Zimbabwean Prime Minister Morgan Tsvangirai pursued a regional diplomatic initiative on Thursday, briefing Democratic Republic of Congo President Joseph Kabila, current chairman of the Southern African Development Community, seeking support in the runup to next week’s meeting in Harare of SADC's troika or committee on security and defense.
Mr Tsvangirai met with President Armando Guebuza of Mozambique late Tuesday and South African President Jacob Zuma on Wednesday in Cape Town. Mozambique currently holds the chair of the SADC troika or working group, which includes Swaziland and Zambia.
Following his talks with Mr. Kabila, Mr. Tsvangirai's formation of the Movement for Democratic Change issued a statement saying the prime minister's message was that SADC "must grapple with" the constitutional crisis that has arisen in Harare.
The statement quoted Mr. Tsvangirai as saying that "SADC must live up to its responsibility" as a guarantor of the 2008 Global Political Agreement for power sharing by "ensuring that all parties to the agreement abide by" its letter and its spirit. Mr. Tsvangirai added that SADC leaders had the right to know the situation first-hand, the statement said.
The troika will try to reconcile Mr. Tsvangirai's MDC with its ZANU-PF governing partner, from which the prime minister announced Oct. 16 that his party has "disengaged" while making clear that the MDC formation is not quitting the government as such.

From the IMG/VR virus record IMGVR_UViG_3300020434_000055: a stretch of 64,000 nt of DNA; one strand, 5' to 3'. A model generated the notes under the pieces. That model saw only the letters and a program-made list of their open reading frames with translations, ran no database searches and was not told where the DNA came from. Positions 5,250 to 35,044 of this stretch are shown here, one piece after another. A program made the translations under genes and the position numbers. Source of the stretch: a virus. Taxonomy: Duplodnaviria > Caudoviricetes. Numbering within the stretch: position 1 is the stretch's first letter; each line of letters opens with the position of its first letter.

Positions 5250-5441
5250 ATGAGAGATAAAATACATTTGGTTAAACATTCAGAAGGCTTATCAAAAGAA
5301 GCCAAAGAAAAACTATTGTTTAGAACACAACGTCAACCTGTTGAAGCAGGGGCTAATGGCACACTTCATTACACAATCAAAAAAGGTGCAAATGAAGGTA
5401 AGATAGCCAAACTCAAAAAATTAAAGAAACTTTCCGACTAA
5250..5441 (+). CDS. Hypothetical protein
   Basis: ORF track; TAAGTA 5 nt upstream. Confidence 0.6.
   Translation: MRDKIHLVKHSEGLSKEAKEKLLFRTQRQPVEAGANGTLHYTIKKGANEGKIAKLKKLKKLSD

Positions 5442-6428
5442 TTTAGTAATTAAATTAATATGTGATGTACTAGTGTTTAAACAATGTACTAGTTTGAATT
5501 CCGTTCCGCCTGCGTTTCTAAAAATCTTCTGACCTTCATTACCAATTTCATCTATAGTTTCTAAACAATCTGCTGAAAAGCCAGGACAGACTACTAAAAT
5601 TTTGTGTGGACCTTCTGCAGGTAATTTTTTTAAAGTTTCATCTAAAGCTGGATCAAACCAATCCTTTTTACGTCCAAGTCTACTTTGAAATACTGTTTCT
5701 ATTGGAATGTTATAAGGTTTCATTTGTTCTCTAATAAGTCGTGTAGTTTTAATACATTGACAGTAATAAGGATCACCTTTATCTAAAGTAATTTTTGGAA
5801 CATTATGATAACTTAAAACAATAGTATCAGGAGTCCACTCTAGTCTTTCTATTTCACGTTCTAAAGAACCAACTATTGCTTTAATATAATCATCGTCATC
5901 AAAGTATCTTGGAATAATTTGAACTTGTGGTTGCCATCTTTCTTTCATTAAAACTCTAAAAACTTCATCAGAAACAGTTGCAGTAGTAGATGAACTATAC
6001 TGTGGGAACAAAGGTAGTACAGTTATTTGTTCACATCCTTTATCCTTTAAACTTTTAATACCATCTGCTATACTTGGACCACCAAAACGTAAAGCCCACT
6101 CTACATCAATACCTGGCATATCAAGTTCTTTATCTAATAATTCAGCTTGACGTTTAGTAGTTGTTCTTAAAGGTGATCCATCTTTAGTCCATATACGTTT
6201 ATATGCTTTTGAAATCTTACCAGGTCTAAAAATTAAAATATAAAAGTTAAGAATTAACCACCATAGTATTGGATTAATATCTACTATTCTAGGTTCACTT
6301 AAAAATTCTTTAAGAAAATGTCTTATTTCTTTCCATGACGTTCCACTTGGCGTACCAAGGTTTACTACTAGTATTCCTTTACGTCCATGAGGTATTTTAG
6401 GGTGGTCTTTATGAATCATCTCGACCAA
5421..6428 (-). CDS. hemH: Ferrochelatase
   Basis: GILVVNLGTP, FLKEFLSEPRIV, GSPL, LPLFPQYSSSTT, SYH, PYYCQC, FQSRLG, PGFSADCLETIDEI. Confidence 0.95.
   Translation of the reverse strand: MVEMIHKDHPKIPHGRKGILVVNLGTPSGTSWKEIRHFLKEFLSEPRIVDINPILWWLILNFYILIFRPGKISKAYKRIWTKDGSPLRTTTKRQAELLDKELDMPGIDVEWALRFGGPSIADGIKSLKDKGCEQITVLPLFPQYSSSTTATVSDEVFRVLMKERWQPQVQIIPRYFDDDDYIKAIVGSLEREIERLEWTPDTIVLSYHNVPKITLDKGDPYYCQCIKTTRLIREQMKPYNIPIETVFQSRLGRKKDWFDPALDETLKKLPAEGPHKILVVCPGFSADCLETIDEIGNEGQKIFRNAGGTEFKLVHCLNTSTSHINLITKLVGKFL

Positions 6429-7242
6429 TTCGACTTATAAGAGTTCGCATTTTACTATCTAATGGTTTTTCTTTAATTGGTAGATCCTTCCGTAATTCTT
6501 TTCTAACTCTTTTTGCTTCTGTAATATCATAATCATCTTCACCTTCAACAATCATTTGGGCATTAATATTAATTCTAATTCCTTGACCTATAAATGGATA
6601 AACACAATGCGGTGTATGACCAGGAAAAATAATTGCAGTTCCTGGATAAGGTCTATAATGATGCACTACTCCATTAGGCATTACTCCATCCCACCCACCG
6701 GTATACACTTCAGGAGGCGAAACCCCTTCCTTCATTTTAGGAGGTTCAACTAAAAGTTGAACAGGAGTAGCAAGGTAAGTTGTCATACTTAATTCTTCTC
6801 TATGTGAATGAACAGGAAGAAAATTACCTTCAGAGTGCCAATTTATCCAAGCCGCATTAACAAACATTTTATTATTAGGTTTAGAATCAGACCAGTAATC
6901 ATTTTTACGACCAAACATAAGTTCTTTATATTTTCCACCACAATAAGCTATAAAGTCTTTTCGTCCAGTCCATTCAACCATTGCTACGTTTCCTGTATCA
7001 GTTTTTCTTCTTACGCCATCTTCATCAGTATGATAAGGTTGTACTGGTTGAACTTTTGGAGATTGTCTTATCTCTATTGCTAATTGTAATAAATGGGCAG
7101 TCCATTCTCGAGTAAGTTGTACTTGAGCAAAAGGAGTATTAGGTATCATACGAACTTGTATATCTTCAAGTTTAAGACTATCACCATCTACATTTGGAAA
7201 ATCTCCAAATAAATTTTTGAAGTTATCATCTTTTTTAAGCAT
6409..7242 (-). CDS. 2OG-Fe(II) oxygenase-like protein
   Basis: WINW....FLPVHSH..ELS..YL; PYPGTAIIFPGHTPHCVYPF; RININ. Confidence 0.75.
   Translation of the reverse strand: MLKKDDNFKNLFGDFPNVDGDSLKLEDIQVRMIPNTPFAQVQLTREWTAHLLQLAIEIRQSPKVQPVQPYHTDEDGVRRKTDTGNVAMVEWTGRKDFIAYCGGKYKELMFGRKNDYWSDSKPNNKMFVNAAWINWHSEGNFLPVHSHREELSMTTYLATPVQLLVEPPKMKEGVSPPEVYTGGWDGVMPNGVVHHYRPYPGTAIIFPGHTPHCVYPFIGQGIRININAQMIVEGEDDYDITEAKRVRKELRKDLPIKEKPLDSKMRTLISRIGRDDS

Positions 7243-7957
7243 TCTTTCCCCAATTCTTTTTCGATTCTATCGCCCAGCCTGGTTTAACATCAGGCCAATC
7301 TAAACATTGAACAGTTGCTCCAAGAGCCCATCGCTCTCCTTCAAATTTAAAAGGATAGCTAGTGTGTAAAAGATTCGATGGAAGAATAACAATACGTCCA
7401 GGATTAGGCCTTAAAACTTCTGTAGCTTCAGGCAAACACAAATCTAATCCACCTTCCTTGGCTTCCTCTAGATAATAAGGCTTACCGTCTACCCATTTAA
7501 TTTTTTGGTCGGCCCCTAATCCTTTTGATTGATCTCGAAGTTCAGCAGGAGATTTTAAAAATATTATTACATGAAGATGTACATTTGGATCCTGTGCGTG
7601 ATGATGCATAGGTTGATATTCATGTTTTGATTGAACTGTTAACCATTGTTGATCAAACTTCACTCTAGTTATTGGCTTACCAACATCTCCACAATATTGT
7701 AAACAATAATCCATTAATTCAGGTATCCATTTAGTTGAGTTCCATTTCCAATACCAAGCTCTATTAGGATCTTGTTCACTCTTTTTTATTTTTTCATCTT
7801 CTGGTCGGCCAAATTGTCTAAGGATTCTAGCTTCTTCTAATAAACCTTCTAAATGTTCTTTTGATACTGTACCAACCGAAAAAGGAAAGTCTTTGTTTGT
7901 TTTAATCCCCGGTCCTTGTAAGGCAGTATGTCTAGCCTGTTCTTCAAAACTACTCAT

President Robert Mugabe, for his part, Wednesday hosted top officials of Angola’s ruling Popular Movement for the Liberation of Angola at State House, including MPLA Secretary General Juliao Mateus Paulo. Sources in ZANU-PF said Mr. Mugabe updated the Angolan delegation, adding that the meeting was intended to pre-empt Mr. Tsvangirai’s scheduled meeting late this week with Angolan President Jose Eduardo dos Santos.
Tsvangirai spokesman James Maridadi told reporter Blessing Zulu of VOA's Studio 7 for Zimbabwe that DRC President Kabila undertook to actively help resolve the crisis.
SADC Executive Secretary Tomaz Salomao was expected to meet meantime with Mr. Zuma and his predecessor, Thabo Mbeki, SADC’s longtime mediator on Zimbabwe.
SADC sources said Salomao wanted to persuade the two men to join the members of the troika in Harare next Thursday, but Zuma spokesman Vincent Magwenya professed ignorance about the meeting, saying his boss has no plans to travel to Harare at this point.
Salomao himself declined to comment on the matter in an interview with VOA.
Political analyst and human rights lawyer Dewa Mavhinga said bringing Thabo Mbeki back into the controversy in Harare will not advance the work of the troika.
Elsewhere, scores of MDC supporters in the Chiweshe communal lands of Mashonaland Central province have fled their homes amid alleged intimidation by ZANU-PF party activists and war veterans which has revived fears of a resumption of political violence.